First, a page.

The Cherokee Sheriff’s Department announced that it will be cracking down on impaired driving over the New Year’s holiday weekend. The department will focus on drunk driving and seatbelt violations at area checkpoints.

Drunk Driving Deaths
According to the Governor’s Office of Highway Safety in Georgia, 165 people died in alcohol-related crashes in 2014 and over 5,200 people were injured. In addition to checkpoints placed strategically in the area, police are also providing information on the “Drive Sober, Georgia” app that is available for both Android and Apple products. The app provides information on free and paid sober ride programs in the area. AAA, through a partnership with Bud Light, is offering their “Tow and Go” program in Georgia on New Year’s Eve as well. AAA will tow the vehicle of someone who has had too much to drink and will transport up to two people home in the wrecker. It is not possible to make an appointment with the Tow and Go program, so it is best to designate a driver before drinking should the service not be available. The program can be reached by calling 855-2-TOW-2-GO or 855-286-9246.

Seatbelt Use
Georgia law requires all front seat passengers to wear a seat belt when the vehicle is being operated on public roads, streets or highways. In addition, any child under the age of 17 must wear a seat belt regardless of whether they are in the front or back seat, while children under the age of four must be in an approved child-safety seat. According to statistics, 92 percent of Georgia residents wear seat belts, compared to 86 percent nationwide.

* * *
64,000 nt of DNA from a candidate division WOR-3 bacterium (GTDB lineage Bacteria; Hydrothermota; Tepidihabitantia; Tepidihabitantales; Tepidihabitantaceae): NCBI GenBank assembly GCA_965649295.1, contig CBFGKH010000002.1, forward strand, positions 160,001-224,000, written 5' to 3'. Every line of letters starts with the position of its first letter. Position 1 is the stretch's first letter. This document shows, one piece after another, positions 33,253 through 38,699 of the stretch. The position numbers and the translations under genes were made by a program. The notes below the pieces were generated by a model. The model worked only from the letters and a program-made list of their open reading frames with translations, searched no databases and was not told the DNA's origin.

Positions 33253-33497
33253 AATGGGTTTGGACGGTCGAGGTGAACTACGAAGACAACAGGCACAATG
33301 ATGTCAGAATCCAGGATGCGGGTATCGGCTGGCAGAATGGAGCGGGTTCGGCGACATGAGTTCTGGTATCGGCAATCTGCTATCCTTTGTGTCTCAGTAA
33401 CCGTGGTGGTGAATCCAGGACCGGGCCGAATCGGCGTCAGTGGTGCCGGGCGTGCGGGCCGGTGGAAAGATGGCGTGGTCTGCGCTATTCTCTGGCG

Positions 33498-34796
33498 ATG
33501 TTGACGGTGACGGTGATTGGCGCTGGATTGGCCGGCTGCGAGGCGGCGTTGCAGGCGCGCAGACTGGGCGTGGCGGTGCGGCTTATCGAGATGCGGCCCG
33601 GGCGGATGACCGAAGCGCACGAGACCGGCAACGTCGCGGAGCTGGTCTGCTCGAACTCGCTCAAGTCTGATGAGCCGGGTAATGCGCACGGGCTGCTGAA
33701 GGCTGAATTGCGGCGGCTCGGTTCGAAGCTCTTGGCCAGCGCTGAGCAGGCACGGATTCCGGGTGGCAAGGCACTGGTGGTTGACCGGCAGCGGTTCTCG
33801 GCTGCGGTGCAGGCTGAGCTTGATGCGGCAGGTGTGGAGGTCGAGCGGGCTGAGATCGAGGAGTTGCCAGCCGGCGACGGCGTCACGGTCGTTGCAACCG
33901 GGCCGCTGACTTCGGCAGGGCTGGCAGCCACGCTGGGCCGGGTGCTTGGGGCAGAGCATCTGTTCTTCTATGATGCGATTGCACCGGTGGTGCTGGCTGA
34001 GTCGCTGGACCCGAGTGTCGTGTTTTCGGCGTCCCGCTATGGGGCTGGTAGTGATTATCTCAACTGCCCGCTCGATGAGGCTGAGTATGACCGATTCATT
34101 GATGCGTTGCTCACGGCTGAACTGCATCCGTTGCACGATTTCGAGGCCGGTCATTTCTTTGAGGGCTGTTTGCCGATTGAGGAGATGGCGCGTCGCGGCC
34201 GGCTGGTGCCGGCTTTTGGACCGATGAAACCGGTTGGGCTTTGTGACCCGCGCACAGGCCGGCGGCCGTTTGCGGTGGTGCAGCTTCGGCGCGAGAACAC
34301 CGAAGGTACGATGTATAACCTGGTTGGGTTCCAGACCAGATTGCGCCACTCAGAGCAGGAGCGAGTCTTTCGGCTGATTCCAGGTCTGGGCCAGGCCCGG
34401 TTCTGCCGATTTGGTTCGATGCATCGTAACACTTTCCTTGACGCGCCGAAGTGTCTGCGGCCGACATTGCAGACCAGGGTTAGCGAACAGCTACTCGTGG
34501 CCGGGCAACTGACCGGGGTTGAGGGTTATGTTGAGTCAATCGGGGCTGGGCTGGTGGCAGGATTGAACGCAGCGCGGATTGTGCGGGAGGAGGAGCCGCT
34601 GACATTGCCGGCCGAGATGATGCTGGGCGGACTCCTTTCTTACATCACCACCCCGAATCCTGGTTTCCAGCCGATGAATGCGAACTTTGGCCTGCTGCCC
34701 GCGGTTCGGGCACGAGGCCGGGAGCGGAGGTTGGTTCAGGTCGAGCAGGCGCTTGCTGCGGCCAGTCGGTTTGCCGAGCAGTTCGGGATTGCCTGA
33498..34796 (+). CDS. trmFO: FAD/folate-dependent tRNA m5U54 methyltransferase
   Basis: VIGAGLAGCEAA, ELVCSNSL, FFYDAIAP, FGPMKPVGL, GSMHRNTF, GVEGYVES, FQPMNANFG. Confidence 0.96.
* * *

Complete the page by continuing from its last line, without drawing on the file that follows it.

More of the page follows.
Impaired Driving Consequences
Seatbelt violations in Georgia bring minimal fines of between $15 to $50. However, an impaired driving violation can be very costly. A first offense DUI charge carries fines of at least $300 or as high as $1,000 a well as a possible one-year jail term. In addition, there is a one-year license suspension, 40 hours of community service are required. If someone is charged with a DUI within five years of a first offense, there is a minimum mandatory jail term of 48 hours, but may be as much as one year. There is a $600 minimum fine, although it could be as high as $1,000 and a three-year license suspension. A minimum of 30 days’ community service is required and a mandatory clinical evaluation for substance abuse treatment that is paid for by the offender. A third offense within five years of the second offense comes with a minimum mandatory 15-day jail term, a fine of at least $1,000, although a fine of $5,000 is possible and license revocation for five years. There is a minimum mandatory 30-day community service requirement and the violator’s name, photo and address are published in a local newspaper at their expense. Because they are deemed to be a habitual offender, the offender’s license plate is seized and returned to the Department of Motor Vehicle Safety and they face a mandatory clinical evaluation for substance abuse treatment. Any treatment is paid for by the offender. All license revocations come with a $210 reinstatement fee.

Waggoner Insurance wants everyone to have a safe and happy holiday season. When you go out to celebrate, be sure to designate a driver who does not drink alcohol for the entire evening to guarantee you arrive at your destination and back home again safely. We are ready to discuss all your insurance needs, including auto, life, health and home. Visit us online or give us a call today to learn how we can provide you and your family with the best protection possible.

Georgia Highway Safety
Marietta Daily Journal